Here's one battle the nation's chief diplomat might not be able to mediate.
It's over him, after all. His name, actually. Colin L. Powell.
In Fairfax County, a group of parents wants the secretary of state's name on a new elementary school. But the group faces opposition from parents who say they think that's politically loaded and inappropriate. Their suggestion: Arrowhead Park Elementary School.
The debate highlights an issue with which school boards often must grapple: Should schools be named for the living, the dead or no one at all?
Fairfax County doesn't have a hard-and-fast policy on the matter. Other districts across the Washington region have adopted rules in recent years to make the process of naming schools a little less controversial.
Calvert and Howard counties try to name schools after geographic locations. Montgomery County recommends that schools be named for "distinguished persons no longer active in their careers." In Loudoun and Charles counties, individuals must be dead for at least five years before a school can be named for them.
"They want it to be a reflective process, rather than an emotional one," said Charles County schools spokeswoman Jill Caniglia, explaining that district's policy.
Indeed, emotions are running high in Centreville, where one of four new elementary schools in Fairfax County will open in the fall. A community meeting last month drew about 50 people, who were asked to rank their top three choices for a school name.
Colin L. Powell Elementary School won 43 votes, followed by Arrowhead with 24 votes and Arrowhead Park with 23. Parent Barbara Waldman is waging an e-mail and phone campaign to combine the tallies of the latter two.
"Just give us a nice, benign, feel-good name," the mother of two told the school board Thursday night. "Don't use our school name as a vehicle to further any other agenda."
An advocate of having his children attend Powell Elementary, Ronald Hobson, who used to work in the Clinton administration, said Powell's party of choice should not influence anyone's decision. "Just because he's a Republican does not mean he's bad," said the father of three. "It's a great opportunity with his humanitarian efforts to bring world leaders to the school and to give kids opportunities they never dreamed of before."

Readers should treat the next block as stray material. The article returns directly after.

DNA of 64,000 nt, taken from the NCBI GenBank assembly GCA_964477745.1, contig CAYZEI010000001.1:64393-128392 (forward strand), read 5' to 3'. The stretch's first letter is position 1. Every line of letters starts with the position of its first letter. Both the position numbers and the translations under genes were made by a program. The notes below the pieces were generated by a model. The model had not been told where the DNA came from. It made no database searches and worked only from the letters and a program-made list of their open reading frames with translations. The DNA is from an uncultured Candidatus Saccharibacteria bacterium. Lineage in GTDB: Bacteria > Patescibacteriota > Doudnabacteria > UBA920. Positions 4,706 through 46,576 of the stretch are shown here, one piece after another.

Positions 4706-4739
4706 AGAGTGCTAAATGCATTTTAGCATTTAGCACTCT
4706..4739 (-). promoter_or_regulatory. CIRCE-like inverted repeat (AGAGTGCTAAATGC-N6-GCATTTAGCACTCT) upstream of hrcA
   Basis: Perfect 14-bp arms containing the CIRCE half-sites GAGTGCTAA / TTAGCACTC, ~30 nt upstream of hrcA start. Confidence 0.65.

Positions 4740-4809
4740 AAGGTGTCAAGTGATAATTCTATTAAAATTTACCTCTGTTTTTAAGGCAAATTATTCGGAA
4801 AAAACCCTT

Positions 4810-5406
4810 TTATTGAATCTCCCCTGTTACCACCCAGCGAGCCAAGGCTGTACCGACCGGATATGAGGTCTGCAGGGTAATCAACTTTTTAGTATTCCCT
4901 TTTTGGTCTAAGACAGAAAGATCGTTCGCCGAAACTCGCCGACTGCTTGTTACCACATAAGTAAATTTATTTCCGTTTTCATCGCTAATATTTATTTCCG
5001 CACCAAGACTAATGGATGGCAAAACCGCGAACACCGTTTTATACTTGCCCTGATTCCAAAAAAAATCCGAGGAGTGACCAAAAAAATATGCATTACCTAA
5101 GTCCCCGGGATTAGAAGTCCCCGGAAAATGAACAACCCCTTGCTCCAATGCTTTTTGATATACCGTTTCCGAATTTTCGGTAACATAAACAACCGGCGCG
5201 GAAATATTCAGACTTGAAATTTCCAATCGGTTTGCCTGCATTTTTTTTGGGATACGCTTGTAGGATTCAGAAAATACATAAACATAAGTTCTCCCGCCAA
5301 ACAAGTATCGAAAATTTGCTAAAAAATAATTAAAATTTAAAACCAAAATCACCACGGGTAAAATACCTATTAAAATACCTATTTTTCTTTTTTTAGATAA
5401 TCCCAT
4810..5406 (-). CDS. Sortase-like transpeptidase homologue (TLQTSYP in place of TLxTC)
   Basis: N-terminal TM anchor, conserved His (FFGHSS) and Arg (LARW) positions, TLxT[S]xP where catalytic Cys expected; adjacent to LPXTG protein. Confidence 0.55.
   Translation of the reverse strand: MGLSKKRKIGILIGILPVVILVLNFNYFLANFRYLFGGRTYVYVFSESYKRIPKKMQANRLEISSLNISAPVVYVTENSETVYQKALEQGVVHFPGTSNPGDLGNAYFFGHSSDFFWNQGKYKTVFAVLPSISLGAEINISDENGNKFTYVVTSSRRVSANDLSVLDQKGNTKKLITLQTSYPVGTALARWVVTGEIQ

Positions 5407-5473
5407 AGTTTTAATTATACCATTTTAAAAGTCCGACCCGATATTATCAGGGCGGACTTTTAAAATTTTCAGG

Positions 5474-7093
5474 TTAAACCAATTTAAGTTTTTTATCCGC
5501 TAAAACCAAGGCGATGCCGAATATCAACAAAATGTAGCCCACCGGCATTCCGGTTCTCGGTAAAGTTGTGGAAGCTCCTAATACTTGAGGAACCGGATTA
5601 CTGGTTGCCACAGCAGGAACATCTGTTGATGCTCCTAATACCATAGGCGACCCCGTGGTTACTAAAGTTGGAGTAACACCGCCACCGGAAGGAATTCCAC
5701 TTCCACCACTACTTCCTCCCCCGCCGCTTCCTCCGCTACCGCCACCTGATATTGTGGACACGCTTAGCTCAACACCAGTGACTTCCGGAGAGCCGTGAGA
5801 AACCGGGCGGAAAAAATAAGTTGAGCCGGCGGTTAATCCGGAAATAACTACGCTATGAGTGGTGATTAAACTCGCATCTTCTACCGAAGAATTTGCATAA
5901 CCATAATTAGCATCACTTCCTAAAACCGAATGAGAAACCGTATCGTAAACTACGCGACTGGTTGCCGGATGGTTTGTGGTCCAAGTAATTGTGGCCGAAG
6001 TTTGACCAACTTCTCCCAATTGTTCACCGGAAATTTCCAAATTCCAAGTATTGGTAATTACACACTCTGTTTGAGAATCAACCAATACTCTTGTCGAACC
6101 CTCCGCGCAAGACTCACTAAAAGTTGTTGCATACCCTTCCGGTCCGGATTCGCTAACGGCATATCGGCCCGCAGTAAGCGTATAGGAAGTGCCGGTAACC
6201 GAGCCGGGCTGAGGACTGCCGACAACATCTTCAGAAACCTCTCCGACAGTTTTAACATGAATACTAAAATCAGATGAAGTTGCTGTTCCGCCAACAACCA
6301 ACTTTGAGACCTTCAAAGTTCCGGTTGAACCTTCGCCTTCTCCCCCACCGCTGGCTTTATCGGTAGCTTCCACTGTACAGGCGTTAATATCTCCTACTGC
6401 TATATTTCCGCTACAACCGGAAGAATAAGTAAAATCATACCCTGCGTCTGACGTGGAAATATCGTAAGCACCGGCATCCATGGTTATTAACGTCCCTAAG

Over the past decade, districts nationwide have made a push for school names to reflect their students' growing diversity. In the 1990s, Montgomery County spelled out that names of women and minorities should be considered for all new institutions, leading to schools named after environmentalist Rachel Carson and baseball legend Roberto Clemente.
About two years ago, efforts in Montgomery County to name a school after the late Spark M. Matsunaga, a Japanese American U.S. senator from Hawaii, drew ire from all sides -- including some Asian residents. The county NAACP had advocated naming the elementary school after a retired black teacher, and some Chinese and Korean residents said they felt uneasy about supporting Matsunaga, a U.S. native with a Japanese surname.
The community divisions ended once the sign went up on Spark M. Matsunaga Elementary School in Germantown, said schools spokeswoman Kate Harrison.
"I think people are delighted with the name," she said. "It becomes the name of your school, and you take ownership of it. It becomes yours."
In Fairfax County, two of the four schools likely will be named after their geographic locations, Island Creek and Lorton Station.
It has been proposed that the school at the Andrew Chapel site be named after Catherine Filene Shouse, who gave the U.S. government land for Wolf Trap National Park for the Performing Arts in Vienna. School board members say some residents have objected to that proposal, saying they prefer schools be named for geographic location. Board members say they will work with community members and solicit feedback until they vote this month.
In the case of the school in northeast Centreville, few students have weighed in on the debate so far. Some parents say that's just as well, as many don't even know who Colin Powell is. "If it were up to her," said Waldman, referring to her third-grader, "she'd probably name it the Britney Spears School."